## 1. Introduction

The Earth receives a certain amount of energy from the Sun, in the form of visible light, which it has to radiate back to space, in the form of infrared light, to maintain a steady state. Most Earth System processes, including weather and climate, can be regarded as little more than steps in this process of energy conversion from one form to the other, going through various other forms of energy (potential energy, kinetic energy, heat...). Although in each of these steps the overall quantity of energy has to be conserved, its quality can vary (Peixoto *et al.*, 1991; Peixoto and Oort, 1992). The field of physics that deals with such energy conversions in different forms and the corresponding evolution of its quality is called thermodynamics, and the quality of energy is measured by a state function called *entropy*. The constraint of conservation of the exchanged quantity of energy is well-known and commonly used in climate sciences. Less attention is paid to the additional information one can gain by monitoring creation and exchanges of entropy, either as a diagnostic tool or as a prediction principle relying on an extremum property. This information can be discarded with little consequences for some processes for which physical laws naturally allow for a macroscopic description (and for the subsequent computation of the exchanged energy due to the process), but in some other cases it might bring in a fundamental constraint that should not be ignored.

A typical example is atmospheric heat transport: considering the observational fact that the net top-of-atmosphere radiative budget is positive in the Tropics and negative near the Poles, one has to invoke a poleward atmospheric transport to ensure global energy balance in the steady state (see e.g. Trenberth and Solomon (1994) for a quantitative discussion based on observations and Lucarini and Ragone (2010) for a modelling counterpart). An important difficulty comes from the turbulent nature of the laws of atmospheric motion and the lack of a satisfactory theory of turbulence. We are thus forced to integrate numerically the equations of motion at a very high computational cost. On the other hand, the laws of radiation allow for a macroscopic description more easily. To cope with this difficulty, the options up to now have been either to deal with the overdetailed (from the minimalist standpoint we are considering) microscopic equations of motion of the atmosphere, or to use empirical parameterizations.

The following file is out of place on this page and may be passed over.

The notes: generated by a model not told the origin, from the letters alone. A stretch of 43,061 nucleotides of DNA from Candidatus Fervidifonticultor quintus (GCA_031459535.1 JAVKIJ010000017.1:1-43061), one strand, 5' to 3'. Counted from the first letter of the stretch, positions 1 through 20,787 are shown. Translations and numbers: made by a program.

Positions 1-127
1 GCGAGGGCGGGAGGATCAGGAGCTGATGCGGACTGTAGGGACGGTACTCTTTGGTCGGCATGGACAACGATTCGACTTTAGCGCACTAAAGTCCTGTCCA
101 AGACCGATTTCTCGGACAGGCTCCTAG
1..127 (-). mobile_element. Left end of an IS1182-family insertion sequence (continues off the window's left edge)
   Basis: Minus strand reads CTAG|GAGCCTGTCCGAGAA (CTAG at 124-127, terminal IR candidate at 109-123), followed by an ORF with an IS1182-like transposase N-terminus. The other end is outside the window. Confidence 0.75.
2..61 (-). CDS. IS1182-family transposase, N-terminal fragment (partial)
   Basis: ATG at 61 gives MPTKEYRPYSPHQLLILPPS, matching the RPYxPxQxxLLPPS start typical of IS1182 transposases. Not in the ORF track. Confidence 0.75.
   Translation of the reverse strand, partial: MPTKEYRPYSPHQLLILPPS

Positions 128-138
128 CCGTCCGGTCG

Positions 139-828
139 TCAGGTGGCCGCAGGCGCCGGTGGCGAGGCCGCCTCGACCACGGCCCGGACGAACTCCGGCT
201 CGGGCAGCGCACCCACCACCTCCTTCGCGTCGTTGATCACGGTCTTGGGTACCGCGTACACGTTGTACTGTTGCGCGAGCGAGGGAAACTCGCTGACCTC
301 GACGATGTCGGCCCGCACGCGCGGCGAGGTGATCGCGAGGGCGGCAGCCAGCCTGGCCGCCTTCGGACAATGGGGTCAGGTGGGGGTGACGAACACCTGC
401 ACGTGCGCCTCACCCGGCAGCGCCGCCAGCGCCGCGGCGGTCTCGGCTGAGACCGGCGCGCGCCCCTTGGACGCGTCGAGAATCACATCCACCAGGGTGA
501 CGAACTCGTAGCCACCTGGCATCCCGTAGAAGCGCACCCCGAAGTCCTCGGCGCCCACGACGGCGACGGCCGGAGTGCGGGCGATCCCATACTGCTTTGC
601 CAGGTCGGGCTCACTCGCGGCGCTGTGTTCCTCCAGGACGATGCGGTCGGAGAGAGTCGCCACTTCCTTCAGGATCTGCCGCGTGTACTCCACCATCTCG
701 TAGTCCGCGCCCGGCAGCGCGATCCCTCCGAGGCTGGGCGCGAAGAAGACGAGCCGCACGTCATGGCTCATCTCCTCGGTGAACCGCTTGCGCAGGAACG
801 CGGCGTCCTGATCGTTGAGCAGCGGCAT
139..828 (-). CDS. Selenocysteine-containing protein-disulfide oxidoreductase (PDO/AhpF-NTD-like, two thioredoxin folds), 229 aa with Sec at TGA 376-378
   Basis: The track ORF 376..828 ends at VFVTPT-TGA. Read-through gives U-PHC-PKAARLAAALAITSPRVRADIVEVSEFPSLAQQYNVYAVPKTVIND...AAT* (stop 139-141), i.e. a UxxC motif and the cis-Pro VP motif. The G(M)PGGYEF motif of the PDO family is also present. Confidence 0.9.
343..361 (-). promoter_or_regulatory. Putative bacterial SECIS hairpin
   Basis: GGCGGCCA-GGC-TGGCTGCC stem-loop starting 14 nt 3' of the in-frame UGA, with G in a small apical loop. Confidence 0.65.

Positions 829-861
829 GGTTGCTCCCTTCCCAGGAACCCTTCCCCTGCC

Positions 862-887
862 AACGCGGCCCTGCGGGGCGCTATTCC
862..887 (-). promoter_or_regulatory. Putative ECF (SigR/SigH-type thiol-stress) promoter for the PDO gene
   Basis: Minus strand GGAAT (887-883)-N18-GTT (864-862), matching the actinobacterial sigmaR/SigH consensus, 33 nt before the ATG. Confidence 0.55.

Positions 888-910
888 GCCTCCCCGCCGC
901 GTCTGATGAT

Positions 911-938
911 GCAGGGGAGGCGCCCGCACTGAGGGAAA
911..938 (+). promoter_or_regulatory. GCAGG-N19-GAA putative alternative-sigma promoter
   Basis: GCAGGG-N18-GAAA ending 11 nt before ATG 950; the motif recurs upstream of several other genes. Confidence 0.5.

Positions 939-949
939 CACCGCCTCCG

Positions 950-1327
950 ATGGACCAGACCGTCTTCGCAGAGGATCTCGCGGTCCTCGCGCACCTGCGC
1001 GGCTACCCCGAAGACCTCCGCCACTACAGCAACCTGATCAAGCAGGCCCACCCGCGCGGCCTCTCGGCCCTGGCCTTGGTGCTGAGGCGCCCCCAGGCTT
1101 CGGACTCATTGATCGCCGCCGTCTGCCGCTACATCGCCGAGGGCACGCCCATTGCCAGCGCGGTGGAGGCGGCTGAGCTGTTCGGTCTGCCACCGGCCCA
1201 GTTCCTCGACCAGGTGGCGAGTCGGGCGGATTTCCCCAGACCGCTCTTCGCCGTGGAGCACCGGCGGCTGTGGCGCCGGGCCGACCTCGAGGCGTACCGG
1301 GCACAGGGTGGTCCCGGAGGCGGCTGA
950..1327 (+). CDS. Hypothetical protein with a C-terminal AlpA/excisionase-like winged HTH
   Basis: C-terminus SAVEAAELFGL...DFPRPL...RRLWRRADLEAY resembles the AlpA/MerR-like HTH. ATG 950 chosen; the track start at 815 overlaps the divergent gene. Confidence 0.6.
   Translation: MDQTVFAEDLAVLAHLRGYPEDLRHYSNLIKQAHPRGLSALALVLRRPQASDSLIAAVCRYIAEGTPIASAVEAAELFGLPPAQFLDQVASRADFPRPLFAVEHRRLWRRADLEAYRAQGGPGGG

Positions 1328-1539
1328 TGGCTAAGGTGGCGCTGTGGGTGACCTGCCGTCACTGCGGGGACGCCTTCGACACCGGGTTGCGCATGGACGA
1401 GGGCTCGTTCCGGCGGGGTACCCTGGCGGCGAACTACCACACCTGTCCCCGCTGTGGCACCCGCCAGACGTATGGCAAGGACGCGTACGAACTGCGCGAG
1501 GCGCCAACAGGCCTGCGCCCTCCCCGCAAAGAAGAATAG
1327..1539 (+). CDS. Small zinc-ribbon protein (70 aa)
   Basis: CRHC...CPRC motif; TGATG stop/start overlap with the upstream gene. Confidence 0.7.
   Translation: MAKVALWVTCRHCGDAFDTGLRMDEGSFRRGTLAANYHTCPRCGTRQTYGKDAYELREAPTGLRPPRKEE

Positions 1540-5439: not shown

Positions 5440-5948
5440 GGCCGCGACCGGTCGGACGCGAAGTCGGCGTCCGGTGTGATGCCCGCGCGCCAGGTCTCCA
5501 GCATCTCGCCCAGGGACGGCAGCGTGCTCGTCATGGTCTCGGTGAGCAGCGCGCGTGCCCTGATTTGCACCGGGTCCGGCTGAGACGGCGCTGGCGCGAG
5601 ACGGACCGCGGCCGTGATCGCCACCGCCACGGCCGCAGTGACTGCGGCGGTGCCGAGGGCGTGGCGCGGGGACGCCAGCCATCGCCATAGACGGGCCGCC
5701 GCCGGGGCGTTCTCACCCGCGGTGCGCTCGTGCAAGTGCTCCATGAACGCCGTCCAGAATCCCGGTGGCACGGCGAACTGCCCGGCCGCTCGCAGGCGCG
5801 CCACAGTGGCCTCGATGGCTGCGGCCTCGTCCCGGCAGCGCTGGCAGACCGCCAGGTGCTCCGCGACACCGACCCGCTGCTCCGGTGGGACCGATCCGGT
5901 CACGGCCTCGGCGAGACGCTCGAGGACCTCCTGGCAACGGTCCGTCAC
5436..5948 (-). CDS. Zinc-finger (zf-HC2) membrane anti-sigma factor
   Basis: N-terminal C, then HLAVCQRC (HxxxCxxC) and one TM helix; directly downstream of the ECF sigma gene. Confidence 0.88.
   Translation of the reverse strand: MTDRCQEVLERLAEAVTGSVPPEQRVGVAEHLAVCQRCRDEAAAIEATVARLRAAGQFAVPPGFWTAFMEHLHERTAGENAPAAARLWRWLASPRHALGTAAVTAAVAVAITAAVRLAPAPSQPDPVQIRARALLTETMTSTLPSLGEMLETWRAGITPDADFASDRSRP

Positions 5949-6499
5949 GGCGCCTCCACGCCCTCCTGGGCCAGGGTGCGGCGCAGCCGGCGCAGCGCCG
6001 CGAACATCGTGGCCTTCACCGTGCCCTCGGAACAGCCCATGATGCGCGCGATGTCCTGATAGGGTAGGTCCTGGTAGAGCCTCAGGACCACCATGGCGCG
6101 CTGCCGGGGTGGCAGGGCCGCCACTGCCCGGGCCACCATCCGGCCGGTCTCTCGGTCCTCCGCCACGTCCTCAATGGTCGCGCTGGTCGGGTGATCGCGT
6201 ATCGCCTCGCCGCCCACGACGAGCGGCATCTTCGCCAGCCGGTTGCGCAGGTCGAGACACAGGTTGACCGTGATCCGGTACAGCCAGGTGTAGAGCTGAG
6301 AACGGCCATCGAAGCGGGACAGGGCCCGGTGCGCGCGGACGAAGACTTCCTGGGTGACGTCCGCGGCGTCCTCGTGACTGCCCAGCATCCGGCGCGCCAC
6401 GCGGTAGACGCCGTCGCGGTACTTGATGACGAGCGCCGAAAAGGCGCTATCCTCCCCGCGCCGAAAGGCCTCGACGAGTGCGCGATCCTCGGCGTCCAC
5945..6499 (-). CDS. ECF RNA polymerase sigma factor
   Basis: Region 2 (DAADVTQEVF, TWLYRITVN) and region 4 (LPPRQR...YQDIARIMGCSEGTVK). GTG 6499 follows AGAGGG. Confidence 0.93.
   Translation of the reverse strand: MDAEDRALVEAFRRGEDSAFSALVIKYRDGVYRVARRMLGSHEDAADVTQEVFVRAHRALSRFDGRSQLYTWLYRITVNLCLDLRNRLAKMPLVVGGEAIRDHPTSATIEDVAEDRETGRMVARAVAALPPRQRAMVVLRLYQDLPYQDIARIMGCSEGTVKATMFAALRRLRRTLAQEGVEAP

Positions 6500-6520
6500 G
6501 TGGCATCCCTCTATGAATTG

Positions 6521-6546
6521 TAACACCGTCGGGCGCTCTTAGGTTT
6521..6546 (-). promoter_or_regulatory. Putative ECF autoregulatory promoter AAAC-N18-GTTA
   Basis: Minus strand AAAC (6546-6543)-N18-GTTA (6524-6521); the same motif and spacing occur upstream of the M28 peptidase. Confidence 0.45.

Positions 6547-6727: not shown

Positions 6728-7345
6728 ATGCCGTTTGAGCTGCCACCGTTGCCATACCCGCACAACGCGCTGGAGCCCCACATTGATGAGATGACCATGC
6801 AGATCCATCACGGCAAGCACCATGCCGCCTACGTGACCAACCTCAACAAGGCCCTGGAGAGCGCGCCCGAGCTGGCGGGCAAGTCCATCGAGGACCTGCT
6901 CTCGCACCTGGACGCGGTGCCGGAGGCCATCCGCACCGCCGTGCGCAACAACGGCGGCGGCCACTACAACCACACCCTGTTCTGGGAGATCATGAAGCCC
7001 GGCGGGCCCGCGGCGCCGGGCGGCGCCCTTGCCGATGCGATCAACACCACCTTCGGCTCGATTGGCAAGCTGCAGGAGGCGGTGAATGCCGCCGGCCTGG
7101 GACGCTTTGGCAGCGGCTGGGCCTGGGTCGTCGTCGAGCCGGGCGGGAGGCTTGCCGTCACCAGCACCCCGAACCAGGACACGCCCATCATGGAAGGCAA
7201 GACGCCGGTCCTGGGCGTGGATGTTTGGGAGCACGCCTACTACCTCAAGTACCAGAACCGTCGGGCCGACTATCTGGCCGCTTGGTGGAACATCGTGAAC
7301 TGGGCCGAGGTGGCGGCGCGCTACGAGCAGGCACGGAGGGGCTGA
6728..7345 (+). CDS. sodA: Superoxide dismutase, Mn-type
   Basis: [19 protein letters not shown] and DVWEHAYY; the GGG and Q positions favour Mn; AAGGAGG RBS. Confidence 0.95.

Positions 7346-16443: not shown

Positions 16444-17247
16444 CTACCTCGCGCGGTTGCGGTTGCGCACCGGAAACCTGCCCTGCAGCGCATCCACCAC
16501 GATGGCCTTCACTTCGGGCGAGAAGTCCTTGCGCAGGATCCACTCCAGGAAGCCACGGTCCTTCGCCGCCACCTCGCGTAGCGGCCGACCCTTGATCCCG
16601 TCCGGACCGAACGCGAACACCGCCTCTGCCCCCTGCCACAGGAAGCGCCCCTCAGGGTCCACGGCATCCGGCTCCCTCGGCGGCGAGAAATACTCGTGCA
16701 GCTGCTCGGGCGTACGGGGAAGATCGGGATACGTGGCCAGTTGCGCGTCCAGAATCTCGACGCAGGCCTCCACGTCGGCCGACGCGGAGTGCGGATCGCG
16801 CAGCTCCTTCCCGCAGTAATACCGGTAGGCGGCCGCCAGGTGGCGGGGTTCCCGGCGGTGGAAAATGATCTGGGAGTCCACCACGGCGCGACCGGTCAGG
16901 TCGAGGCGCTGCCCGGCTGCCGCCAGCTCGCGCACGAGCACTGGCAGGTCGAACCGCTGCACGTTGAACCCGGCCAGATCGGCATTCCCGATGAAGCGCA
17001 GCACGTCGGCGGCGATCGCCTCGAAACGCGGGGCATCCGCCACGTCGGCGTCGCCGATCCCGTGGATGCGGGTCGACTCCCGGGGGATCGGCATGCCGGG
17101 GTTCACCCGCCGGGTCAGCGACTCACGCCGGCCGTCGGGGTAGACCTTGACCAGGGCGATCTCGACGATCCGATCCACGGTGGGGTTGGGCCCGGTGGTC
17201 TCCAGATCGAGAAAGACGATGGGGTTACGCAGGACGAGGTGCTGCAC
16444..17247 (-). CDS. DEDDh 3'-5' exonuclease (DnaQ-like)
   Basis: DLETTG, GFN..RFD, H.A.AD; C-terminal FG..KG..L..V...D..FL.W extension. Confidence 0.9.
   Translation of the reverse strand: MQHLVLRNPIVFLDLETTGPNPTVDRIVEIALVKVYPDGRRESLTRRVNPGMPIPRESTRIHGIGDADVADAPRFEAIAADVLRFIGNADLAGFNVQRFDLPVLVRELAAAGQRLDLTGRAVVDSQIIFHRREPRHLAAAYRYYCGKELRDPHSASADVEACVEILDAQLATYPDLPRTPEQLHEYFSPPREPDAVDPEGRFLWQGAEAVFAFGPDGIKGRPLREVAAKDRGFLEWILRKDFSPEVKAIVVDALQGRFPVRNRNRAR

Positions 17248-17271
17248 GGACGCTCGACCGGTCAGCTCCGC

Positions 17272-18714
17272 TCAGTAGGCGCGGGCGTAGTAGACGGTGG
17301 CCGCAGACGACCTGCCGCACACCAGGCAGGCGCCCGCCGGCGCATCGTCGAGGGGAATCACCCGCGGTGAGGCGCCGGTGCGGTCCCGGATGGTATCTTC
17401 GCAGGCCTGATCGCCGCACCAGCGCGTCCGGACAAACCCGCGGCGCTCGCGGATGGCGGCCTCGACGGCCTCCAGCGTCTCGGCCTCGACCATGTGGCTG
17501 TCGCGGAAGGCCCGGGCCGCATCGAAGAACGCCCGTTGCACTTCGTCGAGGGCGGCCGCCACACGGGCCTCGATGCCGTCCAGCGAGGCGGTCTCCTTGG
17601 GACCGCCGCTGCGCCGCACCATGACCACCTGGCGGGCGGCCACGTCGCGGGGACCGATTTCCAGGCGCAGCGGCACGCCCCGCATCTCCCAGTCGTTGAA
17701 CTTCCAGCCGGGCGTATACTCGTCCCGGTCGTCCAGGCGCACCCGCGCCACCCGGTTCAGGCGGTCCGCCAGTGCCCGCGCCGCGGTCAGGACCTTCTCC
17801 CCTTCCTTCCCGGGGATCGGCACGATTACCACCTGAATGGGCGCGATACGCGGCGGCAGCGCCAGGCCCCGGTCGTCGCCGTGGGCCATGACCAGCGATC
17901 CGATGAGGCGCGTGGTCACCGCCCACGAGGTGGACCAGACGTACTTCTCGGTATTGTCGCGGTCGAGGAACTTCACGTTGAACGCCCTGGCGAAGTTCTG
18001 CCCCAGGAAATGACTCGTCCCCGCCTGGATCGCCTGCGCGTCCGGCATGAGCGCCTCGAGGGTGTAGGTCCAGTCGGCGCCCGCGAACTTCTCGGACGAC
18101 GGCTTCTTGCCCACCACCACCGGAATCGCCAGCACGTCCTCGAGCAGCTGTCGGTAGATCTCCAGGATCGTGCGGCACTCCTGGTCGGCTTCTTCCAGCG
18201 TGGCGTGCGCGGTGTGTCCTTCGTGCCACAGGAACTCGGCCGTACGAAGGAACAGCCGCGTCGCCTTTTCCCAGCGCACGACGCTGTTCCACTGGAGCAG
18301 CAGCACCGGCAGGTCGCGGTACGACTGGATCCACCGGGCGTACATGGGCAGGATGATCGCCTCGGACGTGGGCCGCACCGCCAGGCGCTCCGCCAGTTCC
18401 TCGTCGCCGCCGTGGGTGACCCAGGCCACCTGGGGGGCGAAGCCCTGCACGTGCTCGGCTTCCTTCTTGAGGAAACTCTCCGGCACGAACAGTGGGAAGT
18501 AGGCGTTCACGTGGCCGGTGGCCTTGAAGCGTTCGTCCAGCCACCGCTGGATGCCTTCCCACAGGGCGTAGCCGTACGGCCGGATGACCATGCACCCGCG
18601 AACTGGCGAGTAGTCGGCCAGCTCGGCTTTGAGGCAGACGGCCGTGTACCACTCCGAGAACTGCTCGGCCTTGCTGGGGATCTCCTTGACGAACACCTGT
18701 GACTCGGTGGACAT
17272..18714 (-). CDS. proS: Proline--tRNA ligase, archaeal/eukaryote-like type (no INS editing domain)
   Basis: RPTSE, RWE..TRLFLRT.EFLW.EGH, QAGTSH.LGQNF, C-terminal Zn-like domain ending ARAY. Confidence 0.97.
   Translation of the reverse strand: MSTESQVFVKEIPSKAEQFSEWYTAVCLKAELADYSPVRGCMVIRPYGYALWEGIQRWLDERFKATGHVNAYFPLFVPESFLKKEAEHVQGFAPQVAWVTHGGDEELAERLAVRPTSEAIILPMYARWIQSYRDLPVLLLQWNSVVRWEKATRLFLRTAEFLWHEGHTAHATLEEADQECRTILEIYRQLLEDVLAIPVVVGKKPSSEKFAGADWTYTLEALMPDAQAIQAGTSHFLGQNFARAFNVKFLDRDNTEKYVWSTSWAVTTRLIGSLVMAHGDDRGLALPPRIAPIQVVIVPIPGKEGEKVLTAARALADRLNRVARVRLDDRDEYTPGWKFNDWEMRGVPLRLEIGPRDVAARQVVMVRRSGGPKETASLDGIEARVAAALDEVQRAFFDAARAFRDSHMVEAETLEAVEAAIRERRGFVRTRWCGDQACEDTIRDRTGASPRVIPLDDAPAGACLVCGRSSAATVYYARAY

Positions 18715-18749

An alternative was suggested by Paltridge (1975, 1978) (see O'Brien and Stephens (1995) for a nice reformulation). He was looking for a large-scale description of heat transport and suggested a variational principle stating that atmospheric heat transport adjusts so as to maximize the production of entropy. Several climate studies based on similar models have been published since this seminal work: Gerard *et al.* (1990), Grassl (1981), Lorenz *et al.* (2001), Wyant *et al.* (1988) for zonally-averaged climate, Ozawa and Ohmura (1997), Pujol and Fort (2002) for vertical convection. The Maximum Entropy Production Principle can be interpreted as a maximum energy transport efficiency requirement. The general idea was first expressed by Lorenz (1960). See for instance Lin (1982), Lucarini (2009), Lucarini *et al.* (2010), Peixoto and Oort (1992), Vos and Wel (1993) and references therein for discussions in terms of available potential energy and Carnot engines, and Pauluis and Held (2002b, 2002a) for the competing effect of water vapour removal by the atmosphere.

The purpose of this paper is not to discuss the justification of the Maximum Entropy Production Principle. For a rather comprehensive review of different approaches and applications, the reader is refered to Martyushev and Seleznev (2006) and Kleidon and Lorenz (2005). In this paper, we present a new formulation of Paltridge's model: we have developed a different approach for the treatment of radiation, which we believe to be more rigorous and physically sound. In particular we provide a derivation of the analytical expression of the radiative coefficients which are introduced as *ad hoc* in Paltridge's model. We also avoid the questionable maximum convection hypothesis, critical in Paltridge's model (O'Brien and Stephens, 1995; Pujol and Llebot, 2000), by applying the MEP principle on the vertical dimension as well, and discard Paltridge's cloud cover variable and oceanic transport for the sake of cogency. Formulated this way, the model is as free of tunable coefficient, empirical parameterization and spurious assumption as possible, therefore constituting a clean basis to evaluate the validity of the MEP hypothesis as applied to climate. The only information needed *a priori* to compute the coefficients are the surface albedo, the vertically-integrated water vapour and ozone density and the *CO*_{2} concentration. In particular, we are now able to run a sensitivity experiment with respect to the surface albedo parameter. Here, we investigate the effect of the surface albedo distribution corresponding to the presence of large ice-sheets in the Northern Hemisphere during the Last Glacial Maximum. The results for pre-industrial and LGM climates are compared with standard simulations with the IPSL_CM4 atmosphere-ocean general circulation model using similar boundary conditions.